The North Country Trail
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The North Country Trail

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An overview of the NCT by NCTA fouding member Werner Viet

An overview of the NCT by NCTA fouding member Werner Viet

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  • 1. The North Country National Scenic Trail Its blue blazes someday will stretch 4,600 miles from New York to North Dakota.
  • 2. Already half-finished. The NCT will become America’s longest hiking trail, dwarfing the Appalachian, Continental Divide and Pacific Crest Trails.
  • 3. The trail links 10 national forests and shows old growth giants in the Chippewa National Forest in Minnesota...
  • 4. Or dark cedar swamps in Upper Michigan’s Hiawatha National Forest.
  • 5. Throughout its length, the trail encounters Historic and familiar landmarks Some Examples:
  • 6. Fort Stanwix National Monument in Rome, NY, and three other national park areas.
  • 7. Dayton Aviation Heritage National Park and Wright Brothers Memorial in Ohio,
  • 8. Pictured Rocks National Lakeshore in the Upper Peninsula,
  • 9. And the Saint Croix National Scenic River Waterway in Wisconsin, made up of the Namekagon (left) and the Saint Croix Rivers. The trail links many other historic and scenic landmarks. Among them:
  • 10. McConnel’s Mill in Pennsylvania,
  • 11. The Miami Canal in Ohio and the Erie Canal in New York State,
  • 12. And in Michigan, Fort Custer National Cemetery….
  • 13. The Showboat on the Flat River here in Lowell, site of the Association’s national headquarters,
  • 14. The covered bridge in Fallasburg Park in Ada Township,
  • 15. Fort Michilimackinac on the Straits of Mackinac,
  • 16. Father Marquette National Memorial in St. Ignace,
  • 17. And the AuSable Lighthouse in the Upper Peninsula.
  • 18. Flora and Fauna add spice for the trail’s hikers.
  • 19. Chipmunk peers warily out of his lair.
  • 20. Suspicious snake risks a look from its hiding place.
  • 21. Wild columbine, a showpiece of the Northern forests.
  • 22. Showy lady slipper along the trail in Michigan’s Wilderness Park.
  • 23. Mushroom breaks through an acorn-littered sod.
  • 24. And shelf fungi cling to an hospitable oak.
  • 25. It’s late Spring along the trail in the Lower Peninsula: the season for Canada geese to introduce their offspring.
  • 26. The Manistee River is a premier trailside habitat, a fine spot for spotting a Bald Eagle on patrol high above the River.
  • 27. Or a dying Salmon that had come up the River to spawn.
  • 28. Enormous White pine in Taquamenon State Park would provide enough lumber for five houses.
  • 29. The trail is being constructed by the volunteers of the North Country Trail Association.
  • 30. A trail crew from the Western Michigan, one of 25 chapters and nine affiliate hiking organizations creating and maintaining the North Country Trail. Like this trail crew from the Western Michigan Chapter.
  • 31. The Western Michigan Chapter is allied with the Association’s 24 other chapters (including 11 in Michigan) and these affiliates: In New York: • Finger Lakes Trail Conference In Pennsylvania: •Rachel Carlson Trails Conservancy •Butler Outdoor Club In Ohio: •Buckeye Trail Association •NW Ohio Rails to Trails Association In Michigan: •Friends of the Jordan River Hatchery In Minnesota: •Superior Hiking Trail Association •Border Trail Route Association •Kekekabic Trail Club •Parks and Trail Council of Minnesota
  • 32. Most of the construction is accomplished with hand tools. Crosscut saws are a favorite even with big logs because U.S. Forest Service rules prohibit the use of chain saws except by certified sawyers.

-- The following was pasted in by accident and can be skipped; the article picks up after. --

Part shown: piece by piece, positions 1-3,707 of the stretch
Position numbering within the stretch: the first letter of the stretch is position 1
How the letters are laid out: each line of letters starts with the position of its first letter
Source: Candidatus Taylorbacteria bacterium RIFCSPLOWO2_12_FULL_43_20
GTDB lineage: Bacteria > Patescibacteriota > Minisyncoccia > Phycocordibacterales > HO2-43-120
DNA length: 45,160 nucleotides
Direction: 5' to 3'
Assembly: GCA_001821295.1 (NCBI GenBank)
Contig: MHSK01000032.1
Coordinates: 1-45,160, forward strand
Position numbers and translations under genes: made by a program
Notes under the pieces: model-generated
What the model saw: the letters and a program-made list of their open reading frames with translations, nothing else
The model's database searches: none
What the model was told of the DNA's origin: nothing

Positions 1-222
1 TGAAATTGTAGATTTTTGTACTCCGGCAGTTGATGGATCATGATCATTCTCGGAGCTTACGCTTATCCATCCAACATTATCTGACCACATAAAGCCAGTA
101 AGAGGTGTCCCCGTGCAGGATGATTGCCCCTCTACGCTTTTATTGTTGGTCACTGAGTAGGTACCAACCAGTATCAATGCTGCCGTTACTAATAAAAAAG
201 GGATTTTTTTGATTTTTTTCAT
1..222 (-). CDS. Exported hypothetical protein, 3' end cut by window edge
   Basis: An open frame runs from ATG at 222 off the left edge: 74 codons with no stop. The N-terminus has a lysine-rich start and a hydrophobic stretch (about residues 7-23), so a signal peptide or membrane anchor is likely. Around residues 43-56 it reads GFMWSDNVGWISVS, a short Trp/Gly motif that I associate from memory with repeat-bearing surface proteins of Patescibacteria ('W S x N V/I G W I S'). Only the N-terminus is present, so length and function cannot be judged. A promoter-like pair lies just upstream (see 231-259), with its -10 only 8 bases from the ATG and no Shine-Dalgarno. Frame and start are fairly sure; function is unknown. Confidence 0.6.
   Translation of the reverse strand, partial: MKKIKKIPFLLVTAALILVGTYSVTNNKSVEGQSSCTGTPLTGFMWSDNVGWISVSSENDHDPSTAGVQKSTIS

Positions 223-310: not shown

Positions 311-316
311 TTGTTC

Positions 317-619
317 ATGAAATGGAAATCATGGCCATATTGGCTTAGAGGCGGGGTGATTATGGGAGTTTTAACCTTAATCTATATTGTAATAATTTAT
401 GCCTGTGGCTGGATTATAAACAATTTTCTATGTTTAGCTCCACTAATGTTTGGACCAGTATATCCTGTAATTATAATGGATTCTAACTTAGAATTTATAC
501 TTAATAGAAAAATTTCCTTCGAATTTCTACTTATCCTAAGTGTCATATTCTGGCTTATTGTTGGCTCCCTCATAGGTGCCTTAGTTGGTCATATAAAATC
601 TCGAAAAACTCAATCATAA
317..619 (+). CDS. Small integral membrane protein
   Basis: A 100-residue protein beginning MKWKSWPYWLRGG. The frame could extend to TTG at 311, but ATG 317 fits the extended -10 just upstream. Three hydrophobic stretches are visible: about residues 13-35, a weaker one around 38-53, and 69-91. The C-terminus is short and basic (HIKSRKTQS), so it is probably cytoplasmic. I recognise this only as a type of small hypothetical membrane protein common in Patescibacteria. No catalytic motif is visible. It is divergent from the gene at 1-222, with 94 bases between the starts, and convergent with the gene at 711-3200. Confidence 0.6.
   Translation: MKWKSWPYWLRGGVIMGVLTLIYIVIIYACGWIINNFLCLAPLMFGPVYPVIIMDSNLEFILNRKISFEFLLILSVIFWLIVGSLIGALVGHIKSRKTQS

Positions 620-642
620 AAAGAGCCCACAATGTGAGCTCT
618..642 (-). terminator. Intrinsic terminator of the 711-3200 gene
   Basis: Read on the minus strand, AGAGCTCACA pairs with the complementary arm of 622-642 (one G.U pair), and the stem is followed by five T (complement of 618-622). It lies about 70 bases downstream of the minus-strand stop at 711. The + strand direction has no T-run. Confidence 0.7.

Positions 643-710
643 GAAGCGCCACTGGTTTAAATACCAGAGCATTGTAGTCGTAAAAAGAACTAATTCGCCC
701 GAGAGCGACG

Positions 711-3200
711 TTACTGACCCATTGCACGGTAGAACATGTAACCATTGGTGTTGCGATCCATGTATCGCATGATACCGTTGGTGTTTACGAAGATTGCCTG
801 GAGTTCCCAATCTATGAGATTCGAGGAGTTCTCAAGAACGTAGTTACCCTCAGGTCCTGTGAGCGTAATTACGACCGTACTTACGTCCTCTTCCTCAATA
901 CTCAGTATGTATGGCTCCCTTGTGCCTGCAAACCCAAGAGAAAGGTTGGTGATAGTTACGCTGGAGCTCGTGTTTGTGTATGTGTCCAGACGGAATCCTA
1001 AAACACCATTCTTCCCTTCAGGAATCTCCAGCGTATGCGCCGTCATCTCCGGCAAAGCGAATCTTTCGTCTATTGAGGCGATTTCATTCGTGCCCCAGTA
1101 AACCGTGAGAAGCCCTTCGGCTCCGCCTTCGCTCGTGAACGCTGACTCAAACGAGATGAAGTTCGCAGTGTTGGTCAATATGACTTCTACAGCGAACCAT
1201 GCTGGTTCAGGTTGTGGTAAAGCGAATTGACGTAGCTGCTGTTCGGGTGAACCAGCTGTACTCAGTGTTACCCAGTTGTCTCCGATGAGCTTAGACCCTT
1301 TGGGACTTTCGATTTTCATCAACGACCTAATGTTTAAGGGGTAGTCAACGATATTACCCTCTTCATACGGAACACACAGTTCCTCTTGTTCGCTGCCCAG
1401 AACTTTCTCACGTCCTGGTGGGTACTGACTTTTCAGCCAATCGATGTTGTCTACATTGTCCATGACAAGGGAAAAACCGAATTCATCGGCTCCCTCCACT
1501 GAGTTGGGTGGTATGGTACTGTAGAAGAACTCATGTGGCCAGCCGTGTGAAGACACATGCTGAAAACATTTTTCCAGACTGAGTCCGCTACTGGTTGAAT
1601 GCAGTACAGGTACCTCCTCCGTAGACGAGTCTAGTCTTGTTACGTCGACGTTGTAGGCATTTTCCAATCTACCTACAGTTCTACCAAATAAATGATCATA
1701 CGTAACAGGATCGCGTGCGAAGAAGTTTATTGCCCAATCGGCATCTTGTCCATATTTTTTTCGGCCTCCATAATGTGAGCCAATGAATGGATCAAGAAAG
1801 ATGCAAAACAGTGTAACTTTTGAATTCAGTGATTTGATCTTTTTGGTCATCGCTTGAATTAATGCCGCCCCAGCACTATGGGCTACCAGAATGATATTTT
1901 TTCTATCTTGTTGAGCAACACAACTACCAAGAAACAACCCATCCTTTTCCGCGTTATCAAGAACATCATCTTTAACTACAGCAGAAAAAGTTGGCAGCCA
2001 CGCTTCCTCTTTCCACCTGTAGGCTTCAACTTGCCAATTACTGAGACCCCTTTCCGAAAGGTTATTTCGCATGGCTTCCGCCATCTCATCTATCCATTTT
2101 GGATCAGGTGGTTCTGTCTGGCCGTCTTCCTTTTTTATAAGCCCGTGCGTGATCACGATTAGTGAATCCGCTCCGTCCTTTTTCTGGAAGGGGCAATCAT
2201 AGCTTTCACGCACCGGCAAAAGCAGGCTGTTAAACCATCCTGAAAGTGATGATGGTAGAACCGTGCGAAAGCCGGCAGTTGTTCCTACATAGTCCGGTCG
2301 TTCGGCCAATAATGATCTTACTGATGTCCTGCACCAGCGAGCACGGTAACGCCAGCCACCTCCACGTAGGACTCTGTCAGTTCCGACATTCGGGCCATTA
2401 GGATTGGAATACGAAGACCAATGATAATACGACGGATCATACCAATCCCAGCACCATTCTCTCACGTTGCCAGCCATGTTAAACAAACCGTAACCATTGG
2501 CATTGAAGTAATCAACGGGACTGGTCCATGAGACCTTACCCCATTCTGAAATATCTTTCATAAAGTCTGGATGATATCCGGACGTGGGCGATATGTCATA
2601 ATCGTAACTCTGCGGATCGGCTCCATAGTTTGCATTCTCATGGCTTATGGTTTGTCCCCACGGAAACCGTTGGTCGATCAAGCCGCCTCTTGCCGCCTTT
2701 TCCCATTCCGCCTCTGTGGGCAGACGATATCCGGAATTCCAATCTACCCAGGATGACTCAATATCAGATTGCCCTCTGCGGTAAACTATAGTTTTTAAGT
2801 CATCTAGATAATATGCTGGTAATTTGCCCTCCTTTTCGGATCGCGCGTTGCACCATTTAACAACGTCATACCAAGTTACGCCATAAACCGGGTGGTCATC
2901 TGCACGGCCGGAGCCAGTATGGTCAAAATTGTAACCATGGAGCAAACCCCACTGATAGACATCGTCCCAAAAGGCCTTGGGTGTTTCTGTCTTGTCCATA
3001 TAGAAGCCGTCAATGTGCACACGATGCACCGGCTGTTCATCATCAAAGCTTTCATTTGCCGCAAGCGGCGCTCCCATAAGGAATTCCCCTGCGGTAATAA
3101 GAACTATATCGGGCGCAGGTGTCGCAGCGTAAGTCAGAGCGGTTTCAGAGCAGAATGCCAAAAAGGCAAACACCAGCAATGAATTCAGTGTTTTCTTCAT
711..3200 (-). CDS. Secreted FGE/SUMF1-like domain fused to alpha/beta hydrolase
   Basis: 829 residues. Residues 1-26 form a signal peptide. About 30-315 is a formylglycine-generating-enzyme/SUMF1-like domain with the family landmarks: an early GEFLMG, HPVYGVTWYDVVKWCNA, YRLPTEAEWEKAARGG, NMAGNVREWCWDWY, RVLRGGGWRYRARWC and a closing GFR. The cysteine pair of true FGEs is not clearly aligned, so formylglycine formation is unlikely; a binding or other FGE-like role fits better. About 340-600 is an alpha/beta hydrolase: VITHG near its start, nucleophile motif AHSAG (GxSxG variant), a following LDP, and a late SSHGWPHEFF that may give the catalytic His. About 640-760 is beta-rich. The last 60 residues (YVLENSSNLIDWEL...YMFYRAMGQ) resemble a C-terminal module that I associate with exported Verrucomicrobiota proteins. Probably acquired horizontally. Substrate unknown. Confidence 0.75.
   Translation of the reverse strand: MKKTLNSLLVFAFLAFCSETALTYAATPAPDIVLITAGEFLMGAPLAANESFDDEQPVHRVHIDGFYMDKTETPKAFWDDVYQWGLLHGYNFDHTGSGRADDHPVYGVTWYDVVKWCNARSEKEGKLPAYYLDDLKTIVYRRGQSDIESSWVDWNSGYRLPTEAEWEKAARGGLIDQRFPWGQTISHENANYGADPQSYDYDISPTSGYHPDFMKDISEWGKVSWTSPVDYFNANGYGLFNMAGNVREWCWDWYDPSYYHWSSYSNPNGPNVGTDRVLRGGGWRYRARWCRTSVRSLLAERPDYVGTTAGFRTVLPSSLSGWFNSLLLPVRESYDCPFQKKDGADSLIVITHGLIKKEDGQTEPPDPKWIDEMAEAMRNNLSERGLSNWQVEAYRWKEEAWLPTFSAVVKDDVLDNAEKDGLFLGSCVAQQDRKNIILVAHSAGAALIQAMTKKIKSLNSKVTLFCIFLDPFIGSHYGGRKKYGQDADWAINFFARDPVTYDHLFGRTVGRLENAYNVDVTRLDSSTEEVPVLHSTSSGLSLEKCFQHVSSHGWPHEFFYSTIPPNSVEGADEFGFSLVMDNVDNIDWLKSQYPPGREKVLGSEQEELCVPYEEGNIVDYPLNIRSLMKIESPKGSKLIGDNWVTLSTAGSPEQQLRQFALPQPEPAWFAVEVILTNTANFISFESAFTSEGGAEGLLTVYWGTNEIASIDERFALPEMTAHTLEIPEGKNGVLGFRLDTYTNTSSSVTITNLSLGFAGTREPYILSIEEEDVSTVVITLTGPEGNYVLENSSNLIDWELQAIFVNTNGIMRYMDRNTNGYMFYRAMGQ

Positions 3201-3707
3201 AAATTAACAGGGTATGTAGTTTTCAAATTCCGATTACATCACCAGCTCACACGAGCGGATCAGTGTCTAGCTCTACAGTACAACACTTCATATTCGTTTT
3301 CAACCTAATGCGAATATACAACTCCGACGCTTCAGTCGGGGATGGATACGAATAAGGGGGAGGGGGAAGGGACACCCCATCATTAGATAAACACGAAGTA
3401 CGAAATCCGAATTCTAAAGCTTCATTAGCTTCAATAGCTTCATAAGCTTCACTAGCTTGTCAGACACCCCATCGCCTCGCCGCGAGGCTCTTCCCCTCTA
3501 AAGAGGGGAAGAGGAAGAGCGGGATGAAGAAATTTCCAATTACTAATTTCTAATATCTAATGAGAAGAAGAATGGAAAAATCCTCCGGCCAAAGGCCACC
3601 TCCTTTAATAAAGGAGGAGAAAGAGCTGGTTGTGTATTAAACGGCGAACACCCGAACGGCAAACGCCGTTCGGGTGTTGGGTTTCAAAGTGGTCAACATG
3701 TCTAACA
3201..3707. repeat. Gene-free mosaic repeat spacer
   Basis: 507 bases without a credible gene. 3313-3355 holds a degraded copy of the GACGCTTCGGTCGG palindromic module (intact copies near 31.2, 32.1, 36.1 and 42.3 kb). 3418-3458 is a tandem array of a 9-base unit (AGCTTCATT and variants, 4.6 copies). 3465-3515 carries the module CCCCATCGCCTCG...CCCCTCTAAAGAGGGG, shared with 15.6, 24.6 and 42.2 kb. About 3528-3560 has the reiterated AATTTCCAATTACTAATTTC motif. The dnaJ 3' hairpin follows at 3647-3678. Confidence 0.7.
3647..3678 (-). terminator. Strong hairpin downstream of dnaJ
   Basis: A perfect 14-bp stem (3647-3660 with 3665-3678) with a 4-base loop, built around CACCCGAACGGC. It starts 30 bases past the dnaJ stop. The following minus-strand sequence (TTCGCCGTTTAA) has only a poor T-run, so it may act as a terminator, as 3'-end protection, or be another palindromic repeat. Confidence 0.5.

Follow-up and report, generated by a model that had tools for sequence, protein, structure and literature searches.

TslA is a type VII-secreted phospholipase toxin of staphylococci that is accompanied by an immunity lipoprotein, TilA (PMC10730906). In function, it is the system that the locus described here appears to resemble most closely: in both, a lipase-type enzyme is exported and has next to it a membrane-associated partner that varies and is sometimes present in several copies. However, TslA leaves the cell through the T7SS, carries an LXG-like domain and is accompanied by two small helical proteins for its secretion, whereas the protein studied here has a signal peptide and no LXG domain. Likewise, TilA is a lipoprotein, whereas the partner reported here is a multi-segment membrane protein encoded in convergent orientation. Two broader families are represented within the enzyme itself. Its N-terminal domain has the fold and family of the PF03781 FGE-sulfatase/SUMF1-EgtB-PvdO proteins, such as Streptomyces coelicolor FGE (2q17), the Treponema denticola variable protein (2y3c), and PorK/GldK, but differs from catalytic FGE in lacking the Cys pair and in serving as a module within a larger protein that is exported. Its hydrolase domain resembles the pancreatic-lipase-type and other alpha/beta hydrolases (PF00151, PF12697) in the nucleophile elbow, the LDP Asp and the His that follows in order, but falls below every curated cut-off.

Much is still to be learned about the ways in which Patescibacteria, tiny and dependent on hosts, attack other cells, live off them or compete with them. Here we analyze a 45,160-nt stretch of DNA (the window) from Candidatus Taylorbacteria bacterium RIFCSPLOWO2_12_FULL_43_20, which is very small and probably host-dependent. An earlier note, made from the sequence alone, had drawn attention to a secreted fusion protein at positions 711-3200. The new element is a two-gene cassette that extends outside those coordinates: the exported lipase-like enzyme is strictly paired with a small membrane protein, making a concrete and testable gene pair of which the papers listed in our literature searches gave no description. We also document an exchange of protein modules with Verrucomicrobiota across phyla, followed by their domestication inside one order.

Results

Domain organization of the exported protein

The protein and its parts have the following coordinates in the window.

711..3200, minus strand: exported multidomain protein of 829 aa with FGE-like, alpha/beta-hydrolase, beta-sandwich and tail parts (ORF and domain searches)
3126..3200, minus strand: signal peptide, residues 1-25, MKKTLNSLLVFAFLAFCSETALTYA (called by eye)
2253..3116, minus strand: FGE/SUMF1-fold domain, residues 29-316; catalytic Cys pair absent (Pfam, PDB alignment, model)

• 33. A significant number of these certified sawyers are women who have completed the Forest Service’s rigorous training program.
  • 34. Yes, we shoveled, too Some of our Western Michigan chapter members have cared for their sections of trail since Congress authorized the NCT in 1980.
  • 35. In Minnesota, a tired trail crew gets a little help from the Conservation Corps.
  • 36. Volunteers create a connection to the North Country Trail. Like the Birch Grove Loop Trail north of White Cloud in the Manistee National Forest. Near population centers, chapters often build loops for easy day hikes.
  • 37. The new loop gives access to the Loda Lake wildflower sanctuary with its spectacular display of water lilies.
  • 38. Volunteers not only have to build trail but clean up and repair it like in this flood aftermath project.
  • 39. Or removing eyesores from the trail side like this junker tossed into a ravine in the Lowell State Game Area.
  • 40. Testosterone-fueled machines, like all-terrain vehicles, ORVs and dirt bikes can raise havoc. Unfortunately, signs don’t discourage all the boys and their toys.
  • 41. Yet the volunteers persist, even building a bridge through a driving rain storm.
  • 42. Let’s head out on the NCT, blue blazes will show the way.
  • 43. Starting from the East In New York State
  • 44. The current Eastern Terminus: Crown Point, NY, on Lake Champlain.
  • 45. Looking East and to the future: to the Green Mountains and Vermont.
  • 46. Along the present route in New York State, the spectacular Watkins Glen State Park is one of the reasons the trail was named the North Country National Scenic Trail.
  • 47. Much of the route in New York, follows the Finger Lakes Trail.
  • 48. But deep woodlands and quiet streams also attract hikers.
  • 49. Hoffman’s Notch in the Adirondack State Park
  • 50. A simple stile will do to cross an inconvenient fence.
  • 51. Finger Lakes in Mid-May: Spring doesn’t come any earlier than in Michigan.
  • 52. Next: the Northwest Corner of Pennsylvania
  • 53. Blue blazes mark the trail throughout as here where it crosses into Pennsylvania.
  • 54. View of Kinzua Creek from the North Country Trail in the Allegheny National Forest.
  • 55. Abandoned dam produces a waterfall in Clarion County.